RusTrans goes to ASEEES 2022
10-13 November 2022
Three years and one pandemic since RusTrans last crossed the pond to the US (see our ALTA November 2019 blog post), three of our team – PI Muireann Maguire, PDRA Cathy McAteer and PhD candidate Anna Maslenova – arrived to an unseasonably warm (23 degrees) Chicago for ASEEES 2022. Muireann arrived hot-on-the-heels from her epic journey across Northern US consulting archives for her research on American publishers of Russian literature; Anna arrived from the British Library where she has been participating in a short-term PhD placement digitising material on indigenous Siberian peoples; and I arrived from my own digitised scans of the Olga Carlisle archives at the Hoover Institution. Having not seen our US friends and colleagues in-person in all this time, our own exuberance added to a general mood of infectious excitement in the spacious lobby of the conference venue, the historic Palmer House Hotel (legendary birthplace of the brownie, setting for scenes in The Fugitive).
Working to a theme of precarity, this year’s ASEEES set out to grapple with the macro and micro concerns currently dominating the field of Slavonic and East European Studies, from the obvious consideration of Russia’s war in Ukraine, to the lesser (but still relevant) concerns over job precarity in academia and the need for diversity and decolonisation. The theme could not have been more apt for present times and, not surprisingly, panels and roundtables devoted to Ukraine and Ukrainian Studies were plentiful; in evidence too, were warmly welcomed Ukrainian academics who have taken up scholarships in the US and elsewhere in Europe having been forced to leave Ukraine. In so many respects, this was their conference.
For RusTrans, ASEEES presented an opportunity for the three of us to re-engage with the Translation Studies’ community, with translator-scholars whom we first met at ALTA42, such as Carol Apollonio, Ellen Elias-Bursac, Olga Bukhina, Brian James Baer, and with some of our contributors to the RusTrans edited volume Translating Russian Literature in a Global Context. An impressive range of panels and roundtables attended to themes that are at the heart of RusTrans. The opening afternoon, for example, saw ‘Publishing in Precarious and Extreme Conditions: Stories from the Practitioners’ (with Irina Paperno, Igor Nemirovsky, Irina Prokhorova, Katharina Raabe and Matvei Yankelevich), in which Matvei flagged his concerns that, in the same way that Cold War literature became inextricably linked with the Gulag and has struggled since to shake off this association, Ukrainian literature risks becoming similarly typecast but in a purely war setting.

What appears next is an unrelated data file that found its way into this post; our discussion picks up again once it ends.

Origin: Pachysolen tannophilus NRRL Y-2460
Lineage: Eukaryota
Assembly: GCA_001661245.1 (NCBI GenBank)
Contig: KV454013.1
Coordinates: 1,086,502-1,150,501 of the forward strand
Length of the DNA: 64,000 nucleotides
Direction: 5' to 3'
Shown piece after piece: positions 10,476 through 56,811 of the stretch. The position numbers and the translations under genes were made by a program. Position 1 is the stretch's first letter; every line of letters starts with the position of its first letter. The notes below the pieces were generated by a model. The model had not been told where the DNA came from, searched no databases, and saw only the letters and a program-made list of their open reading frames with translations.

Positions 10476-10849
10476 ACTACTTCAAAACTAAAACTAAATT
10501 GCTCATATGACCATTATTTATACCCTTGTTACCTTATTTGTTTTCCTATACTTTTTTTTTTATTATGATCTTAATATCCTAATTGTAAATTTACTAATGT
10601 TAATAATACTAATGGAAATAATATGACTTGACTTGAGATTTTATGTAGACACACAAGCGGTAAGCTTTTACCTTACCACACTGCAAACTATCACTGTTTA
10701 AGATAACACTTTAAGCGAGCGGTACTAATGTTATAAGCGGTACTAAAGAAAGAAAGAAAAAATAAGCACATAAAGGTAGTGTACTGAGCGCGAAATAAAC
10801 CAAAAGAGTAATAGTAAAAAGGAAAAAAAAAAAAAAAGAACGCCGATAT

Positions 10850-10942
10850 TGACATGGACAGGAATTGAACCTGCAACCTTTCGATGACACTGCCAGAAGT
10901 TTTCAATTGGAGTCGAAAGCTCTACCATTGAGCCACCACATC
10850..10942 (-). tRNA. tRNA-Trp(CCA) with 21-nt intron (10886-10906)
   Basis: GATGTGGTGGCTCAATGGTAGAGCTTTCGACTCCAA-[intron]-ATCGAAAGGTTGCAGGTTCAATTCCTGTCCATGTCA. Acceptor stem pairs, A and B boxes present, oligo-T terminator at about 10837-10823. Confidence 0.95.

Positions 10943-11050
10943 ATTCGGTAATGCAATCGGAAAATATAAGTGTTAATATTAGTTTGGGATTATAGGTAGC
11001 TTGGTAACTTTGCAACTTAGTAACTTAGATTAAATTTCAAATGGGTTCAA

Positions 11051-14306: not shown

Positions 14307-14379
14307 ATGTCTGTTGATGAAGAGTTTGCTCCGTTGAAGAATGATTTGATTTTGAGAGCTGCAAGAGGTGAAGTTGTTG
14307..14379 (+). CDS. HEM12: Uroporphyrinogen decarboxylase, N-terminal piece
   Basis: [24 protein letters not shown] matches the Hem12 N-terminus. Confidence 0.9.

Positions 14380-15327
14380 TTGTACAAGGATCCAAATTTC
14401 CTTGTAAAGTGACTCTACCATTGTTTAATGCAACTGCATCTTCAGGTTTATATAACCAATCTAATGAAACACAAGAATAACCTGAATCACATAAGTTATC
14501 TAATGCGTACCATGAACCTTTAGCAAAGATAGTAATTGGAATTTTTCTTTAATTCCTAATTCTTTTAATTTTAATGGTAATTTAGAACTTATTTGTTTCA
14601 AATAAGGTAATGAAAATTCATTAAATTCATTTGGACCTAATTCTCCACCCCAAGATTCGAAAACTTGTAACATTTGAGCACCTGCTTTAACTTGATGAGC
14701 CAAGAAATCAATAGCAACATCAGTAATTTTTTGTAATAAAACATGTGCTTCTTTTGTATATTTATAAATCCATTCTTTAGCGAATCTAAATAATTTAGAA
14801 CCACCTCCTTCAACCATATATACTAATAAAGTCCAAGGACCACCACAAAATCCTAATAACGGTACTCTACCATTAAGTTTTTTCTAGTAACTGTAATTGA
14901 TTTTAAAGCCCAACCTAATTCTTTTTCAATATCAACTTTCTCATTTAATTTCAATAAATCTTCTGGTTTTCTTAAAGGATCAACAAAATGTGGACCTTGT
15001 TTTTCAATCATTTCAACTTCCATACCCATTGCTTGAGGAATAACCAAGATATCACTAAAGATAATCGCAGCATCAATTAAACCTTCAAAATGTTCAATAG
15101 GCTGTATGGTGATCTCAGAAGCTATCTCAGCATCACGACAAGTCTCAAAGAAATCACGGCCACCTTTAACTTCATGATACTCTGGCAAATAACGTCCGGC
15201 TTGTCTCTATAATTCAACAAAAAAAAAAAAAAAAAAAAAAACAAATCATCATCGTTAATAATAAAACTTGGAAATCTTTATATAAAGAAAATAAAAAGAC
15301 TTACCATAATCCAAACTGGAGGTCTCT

Friday saw the first of three ‘Precarity of Translation’ panels scheduled during the conference. This panel, the Precarity of Tradition, started with Anna’s paper ‘Vladimir Chertkov vs. the Maudes: Precarious Translators of Tolstoy’s Religious Works in English’, drawing on her thesis research.
Brian Baer (Kent State University) followed with his analysis of Merezhkovskii’s Voskresshie Bogi in translation, and then University of Eastern Finland’s Hannu Kemppanen presented his insightful (and impressively succinct) assessment of over a century of Soviet/Russian translation practice to present day in his paper ‘Precarity or Stability?: Features of Translation Culture in the Soviet Union and Russia’.
In the panel dedicated to exploring ‘Changing Dynamics of Cultural Politics During the Thaw Period’, Ca’ Foscari University of Venice’s postdoctoral scholar Ilaria Sicari presented her archival research on ‘Books as Ideological Weapons of the Cultural Cold War’. Ilaria drew on archived reports, readers’ letters, statistics and official correspondence to elaborate on the political aims, methods and target reader profiles of the CIA-funded Radio Free Europe/Radio Liberty Book Distribution Programs that were conducted between 1951 and 1991.
The objective of these programs was to counter Communist propaganda by distributing specially selected works in Soviet/East European countries with softer, more penetrable, border controls (Romania, Hungary, Czechoslovakia, Poland, Bulgaria, the Baltic States). Ilaria gave a content-rich and engaging analysis of this significant era in modern Europe of translation as soft power.